“What is unusual in this case, and is the reason for this comment, is that RS is described as a committed practising Catholic who had 'expressed his disagreement with a widely reported case in England where the decision was to terminate medical treatment for a very small child born with serious abnormalities. He was religiously conservative, opposed to abortion, even for an unborn child likely to be medically compromised, and was opposed to euthanasia,’” Jones wrote.

“Despite these well-attested views, which were accepted as accurate, the Court declared food and fluids not to be in the best interests of RS because he had previously stated that ‘he never wanted to be a burden if he was seriously ill’ and, in view of his wife, ‘he would not want his children to see him in his current condition’,” Jones continued.  

She also bore witness that he had said that ‘every life is precious and that you must hold onto life, and also that if anything happened to him, he would want all steps to be taken to save him but that if he was beyond saving he did not want to be kept alive’.”

Jones objects to “undue” weight given by the Court to such statements as not wanting to be a burden because, although few would want to be a burden, this does not indicate someone, let alone a devout Roman Catholic, would want to “discontinue all treatment and even basic care.”

“These statements therefore should not be taken to license the deprivation of food and water from someone in a coma or a minimally conscious state," Jones continued.

“In particular, someone who is strongly committed to the teaching of the Catholic Church may make these or similar statements and yet regard food and water, however provided, as part of basic care rather than a medical treatment.”

Jones also pointed out how ordering someone to die of hunger or thirst is particularly objectionable to Catholics.

“From a Catholic perspective, to provide food and drink to those who are hungry and thirsty is a corporal work of mercy," he observed.

Patients should not be abandoned to die from lack of nutrition or hydration, however that is best provided,” he continued. 

“There may be extreme cases where neither oral nor clinically assisted nutrition or hydration is effective in addressing patient needs or where they are no longer needed, as the patient is very close to natural death. However, if the means of addressing the need for nutrition and hydration are effective and well tolerated and if the person is expected to live ‘for five years or longer’ then to deprive the person of food and water is unethical. It is no more or less than to starve or dehydrate the person to death.”

Jones stated that it was “regrettable” that the Court of Appeal didn’t think the view of the Catholic Church was “appropriate” in RS’s case. He also pointed out the dangers inherent in the British courts taking statements about not wishing to be “a burden […] as a valid reason to deprive the person of life-sustaining treatment or care.”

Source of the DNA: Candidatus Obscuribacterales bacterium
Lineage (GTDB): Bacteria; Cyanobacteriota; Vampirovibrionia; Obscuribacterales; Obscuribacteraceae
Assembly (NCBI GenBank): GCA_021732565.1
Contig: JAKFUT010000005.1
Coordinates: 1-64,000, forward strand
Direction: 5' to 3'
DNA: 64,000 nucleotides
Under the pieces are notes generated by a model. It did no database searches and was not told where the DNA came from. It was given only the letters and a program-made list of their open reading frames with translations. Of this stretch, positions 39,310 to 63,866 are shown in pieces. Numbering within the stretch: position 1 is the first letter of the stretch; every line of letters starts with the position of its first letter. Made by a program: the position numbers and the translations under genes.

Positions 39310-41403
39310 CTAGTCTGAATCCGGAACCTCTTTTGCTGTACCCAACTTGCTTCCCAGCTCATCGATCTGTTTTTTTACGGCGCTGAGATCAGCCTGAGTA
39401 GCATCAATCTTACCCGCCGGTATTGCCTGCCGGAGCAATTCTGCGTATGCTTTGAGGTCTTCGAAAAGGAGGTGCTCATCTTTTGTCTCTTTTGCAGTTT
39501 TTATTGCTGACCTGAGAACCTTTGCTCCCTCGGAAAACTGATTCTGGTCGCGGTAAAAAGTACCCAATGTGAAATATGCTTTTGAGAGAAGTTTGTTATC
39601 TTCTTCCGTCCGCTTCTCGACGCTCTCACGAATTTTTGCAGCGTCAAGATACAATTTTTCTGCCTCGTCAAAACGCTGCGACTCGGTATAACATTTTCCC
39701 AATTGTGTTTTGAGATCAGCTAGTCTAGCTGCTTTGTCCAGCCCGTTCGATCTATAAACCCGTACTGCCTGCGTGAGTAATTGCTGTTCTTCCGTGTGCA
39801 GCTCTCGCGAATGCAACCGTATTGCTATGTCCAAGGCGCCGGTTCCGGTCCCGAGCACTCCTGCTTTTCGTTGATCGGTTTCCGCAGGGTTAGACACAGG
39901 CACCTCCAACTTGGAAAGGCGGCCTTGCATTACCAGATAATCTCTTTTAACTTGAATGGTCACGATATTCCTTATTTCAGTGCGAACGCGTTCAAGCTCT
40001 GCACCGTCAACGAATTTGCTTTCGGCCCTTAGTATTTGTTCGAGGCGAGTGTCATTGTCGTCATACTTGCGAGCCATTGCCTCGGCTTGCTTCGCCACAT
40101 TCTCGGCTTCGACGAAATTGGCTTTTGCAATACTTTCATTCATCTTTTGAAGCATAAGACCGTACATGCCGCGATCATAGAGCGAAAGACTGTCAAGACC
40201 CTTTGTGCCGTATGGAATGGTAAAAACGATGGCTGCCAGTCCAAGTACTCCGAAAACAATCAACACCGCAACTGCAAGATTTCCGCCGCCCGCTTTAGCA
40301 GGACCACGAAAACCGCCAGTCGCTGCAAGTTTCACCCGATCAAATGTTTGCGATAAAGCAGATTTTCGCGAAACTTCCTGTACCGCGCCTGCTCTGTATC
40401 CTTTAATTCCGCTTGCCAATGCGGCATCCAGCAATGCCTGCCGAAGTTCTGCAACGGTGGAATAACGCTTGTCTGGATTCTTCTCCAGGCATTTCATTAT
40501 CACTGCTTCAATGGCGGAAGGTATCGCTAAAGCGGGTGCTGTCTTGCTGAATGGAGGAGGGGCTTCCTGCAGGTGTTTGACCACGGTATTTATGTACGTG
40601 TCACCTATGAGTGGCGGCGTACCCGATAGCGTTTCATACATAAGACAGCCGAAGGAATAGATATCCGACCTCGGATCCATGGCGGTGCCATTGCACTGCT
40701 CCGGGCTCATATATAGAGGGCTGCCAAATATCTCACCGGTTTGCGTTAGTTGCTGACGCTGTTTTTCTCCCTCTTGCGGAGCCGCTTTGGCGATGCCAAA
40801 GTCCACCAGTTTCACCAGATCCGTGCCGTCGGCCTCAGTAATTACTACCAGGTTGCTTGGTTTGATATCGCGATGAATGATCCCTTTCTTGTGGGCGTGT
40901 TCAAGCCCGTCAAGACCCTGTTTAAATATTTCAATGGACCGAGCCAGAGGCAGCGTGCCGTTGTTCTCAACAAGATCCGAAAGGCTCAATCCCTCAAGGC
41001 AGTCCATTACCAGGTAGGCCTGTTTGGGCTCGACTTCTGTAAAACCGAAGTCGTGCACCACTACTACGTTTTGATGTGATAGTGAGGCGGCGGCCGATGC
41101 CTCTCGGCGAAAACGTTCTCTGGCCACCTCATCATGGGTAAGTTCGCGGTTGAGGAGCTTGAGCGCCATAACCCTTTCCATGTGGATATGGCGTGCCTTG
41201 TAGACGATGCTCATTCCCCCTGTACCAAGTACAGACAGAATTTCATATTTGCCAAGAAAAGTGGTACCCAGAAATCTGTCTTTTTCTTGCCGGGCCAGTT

RS’s wife has sided with her husband’s doctors in seeking to stop his “medical treatment.” She has gone to some lengths to present her Mass-going husband as someone who might dissent from Catholic doctrine. Notably she sent Mr Justice Cohen a private letter detailing her premarital relationship with RS, who married her although her previous marriage had not been annulled by the Church. Although RS could not receive the sacraments, he continued to go to Mass. One of RS’s sisters told LifeSiteNews that her brother thought there were grounds for the annulment of his wife’s first marriage.

RS’s birth family has consistently resisted the withdrawal of RS’s hydration and nutrition, challenging the December 15 decision on at least three occasions. Whereas RS’s wife has stated that her husband would not want to be a “burden” on his family, his birth family have underscored that RS is a devout Catholic, opposed to both abortion and euthanasia. One of RS’s sisters told LifeSiteNews via email that her brother was “outraged” by the Alfie Evans case.

“He did not agree that the courts and doctors could decide to pull the plug on someone. He criticized the judges who sentenced Alfie to death,” she said.

RS’s birth family also covertly took video footage of RS on Christmas Day and showed it to two neurologists who believe that RS was moving into a minimally conscious state. However, the Court of Appeal, which echoed Mr Justice Cohen’s disapproval for the first neurologist, would not allow an appeal that the second be allowed to do a full examination of RS.

Contact information for respectful communication:

British Embassy in Washington, D.C.
+1 (202) 588-6500
3100 Massachusetts Avenue, NW
Washington DC 20008
USA

British High Commission
+1 (613) 237-1530

80 Elgin Street Ottawa Ontario K1P 5K7
Canada

Dominic Raab, Foreign Secretary
House of Commons
London
SW1A 0AA
020 7219 7069
[email protected]


  european court of human rights, euthanasia, georgs soros, mr justice cohen, nutrition and hydration, open society foundations, poland, rs case, united kingdom, yonko grosev